The copy of ‘The Alchemist’ I ended up reading was brought into work by a colleague who picked up the copy from the 2012 World Book Night, and put it on the staff room’s ‘Leave a book, Take a Book’ shelf, where I will return it to on Monday morning for the next person to discover. It’s been there for a while, and my curiosity about book’s made me look it up on the web. I generally don’t read books that I have no idea about or I haven’t heard about. ‘The Alchemist’ came back as one of those books that is on lots of must read lists, and is high up in the estimations of literary circles as a great book. I’m not disputing that, but naturally as curious as I am, I like my curiosity to lead me to a book when I am good a ready to be lead there.

So on Friday lunchtime, after having been near a copy of ‘The Alchemist’ for what must have been nearly eighteen months, I finished the book I had brought with me to work to read on my breaks and on my commute. I hadn’t actually anticipated I would finish it, as I usually remember to bring a back-up for such occasions. I wasn’t in the mood to play a game on my phone, so I picked up ‘The Alchemist’ to read on my way back home. I certainly didn’t discover the book by accident, but I very much love my journey towards finally reading it. I listened to my heart, and to the good omen of having finished my other book, and I found myself reading ‘A fable about following your dream’.

The plot of the book is fairly simple to follow; if your heart desires more than what you have in your life then no matter what obstacle you have to face, don’t give your on your dream, for that dream will live on in your heart. You do not want to reach the point in your life where fulfilling your dream is no longer possible. I think the most profound lesson that anyone would learn from the book is a simple truth; don’t ever give up. Sometimes there are signs in your life, omens are frequently referred to in the book, that you should listen to; good omens are to be followed and bad omens are to be listened to with a great deal of cautious.

So in answer to my question; hy does everyone always exclaim that you have to read ‘The Alchemist’? Because it will make you listen to your heart and your dreams, and it will teach you that you shouldn’t give up on them.

What a brilliant lesson for a book to teach you>

Book Review – Hidden by Benedict Jacka



I would happily recommend ‘Hidden’ to anyone as it is a good read, but I have to admit I was a little bit disappointed when it came to reading the book because I had been so enraptured by the previous book in the series. I felt as if I was reading a combination of plots from ‘Taken‘ and ‘Chosen‘ again. The situations were sort of new, but I also sort of felt like the book was treading back over old ground. Fine some of the characters were still reeling from events of Chosen and didn’t want to be associated with Alex anymore, but I sort of felt that the entire book was just one long story about some of the characters getting over the last book.

Don’t get me wrong though it is a great book. Jacka has still delivered a page turner and I didn’t want to put it down, but that wasn’t until the last third of the book. Normally I can’t put down an Alex Verus novel from the very beginning, but I unfortunately found it very easy to put down to the extent it took me days to read when it normally only takes me hours for a Verus book. The first two thirds of the book certainly have its moments; the return to Tiger’s Palace was certainly a highlight, but some of the encounters with old favourites like Sonder, were just downright annoying.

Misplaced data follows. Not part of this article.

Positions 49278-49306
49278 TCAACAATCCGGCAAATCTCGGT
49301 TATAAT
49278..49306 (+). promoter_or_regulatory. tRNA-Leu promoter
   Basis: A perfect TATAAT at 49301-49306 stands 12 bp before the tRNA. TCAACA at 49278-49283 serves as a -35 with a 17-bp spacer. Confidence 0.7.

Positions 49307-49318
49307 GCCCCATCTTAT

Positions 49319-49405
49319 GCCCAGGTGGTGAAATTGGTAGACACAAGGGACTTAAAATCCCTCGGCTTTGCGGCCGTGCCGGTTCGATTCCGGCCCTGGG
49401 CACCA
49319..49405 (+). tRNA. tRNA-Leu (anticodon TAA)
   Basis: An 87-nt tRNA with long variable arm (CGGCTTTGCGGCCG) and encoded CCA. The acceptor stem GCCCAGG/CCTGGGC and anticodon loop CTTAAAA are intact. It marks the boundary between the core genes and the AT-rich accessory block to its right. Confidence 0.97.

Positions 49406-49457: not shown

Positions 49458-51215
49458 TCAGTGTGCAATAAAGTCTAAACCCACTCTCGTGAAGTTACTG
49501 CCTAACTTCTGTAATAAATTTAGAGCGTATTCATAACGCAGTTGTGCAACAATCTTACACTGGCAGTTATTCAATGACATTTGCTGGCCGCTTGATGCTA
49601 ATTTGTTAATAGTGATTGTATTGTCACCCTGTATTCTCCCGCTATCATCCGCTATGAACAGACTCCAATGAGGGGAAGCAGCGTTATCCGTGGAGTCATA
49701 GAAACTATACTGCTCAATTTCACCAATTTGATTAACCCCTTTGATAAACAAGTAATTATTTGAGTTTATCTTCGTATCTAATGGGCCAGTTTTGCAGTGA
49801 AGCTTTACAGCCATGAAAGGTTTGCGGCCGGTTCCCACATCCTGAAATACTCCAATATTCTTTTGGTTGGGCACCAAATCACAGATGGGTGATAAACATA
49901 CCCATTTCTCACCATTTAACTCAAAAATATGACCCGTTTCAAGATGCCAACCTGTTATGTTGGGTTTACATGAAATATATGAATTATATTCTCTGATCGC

I think the problem I have with the book is that I really, really like the character of Alex Verus, which isn’t a bad thing for Benedict Jacka. On two dimensional paper he has created a three dimensional person, which I know from experience of creating characters myself is no mean feat. Alex is a good guy in a tough situation; some of that is his own fault but he is at the point in his life when he is more than aware of that he has made some very bad mistakes in the past. He holds up his hands and admits that he’s not perfect and that quality is for me what makes him so believable. I just unfortunately feel that for this book the plot and the other characters have let the protagonist down a little bit.

It really irritates me when the other characters can’t see that he does have very good intentions but that sometimes he doesn’t have a choice about following them. Here in lies one problem with using the first person voice; you only see the story from that character’s perspective. Add in my own realism and I really do struggle to understand the motivations of some of the characters that do not like violence. As idealistic as they are, it also makes them incredibly naive, even though none of the characters of the magical world are ignorant of the fact that some people in their world are going to be violent over reasonable.

One of the very best interactions though is Alex with his father; a strained relationship to say the least, but his pacifism is based on the reality of the real (our) world, not on the dangers of the magical one. He is the only one of the characters who have problems with Alex having to use the violent option in order to survive that I can find believable. He lives in a different world; academia, which for all of its wisdom and intelligence can be a very isolated place. I know this from experience after completing two degrees and I now work at a university as well. The harsh realities of our world rarely touch academic places, so his father’s problems with his son’s past which are based in a world he doesn’t even know about is very well conceived, if a little bit undeveloped in ‘Hidden’, I hope it is the beginning of a new perspective on Jacka’s world; that of an outsider who doesn’t know magic exists. Trying to explain it exists could be a great conversation.

You might also like my other reviews of Benedict Jacka’s Alex Verus Series.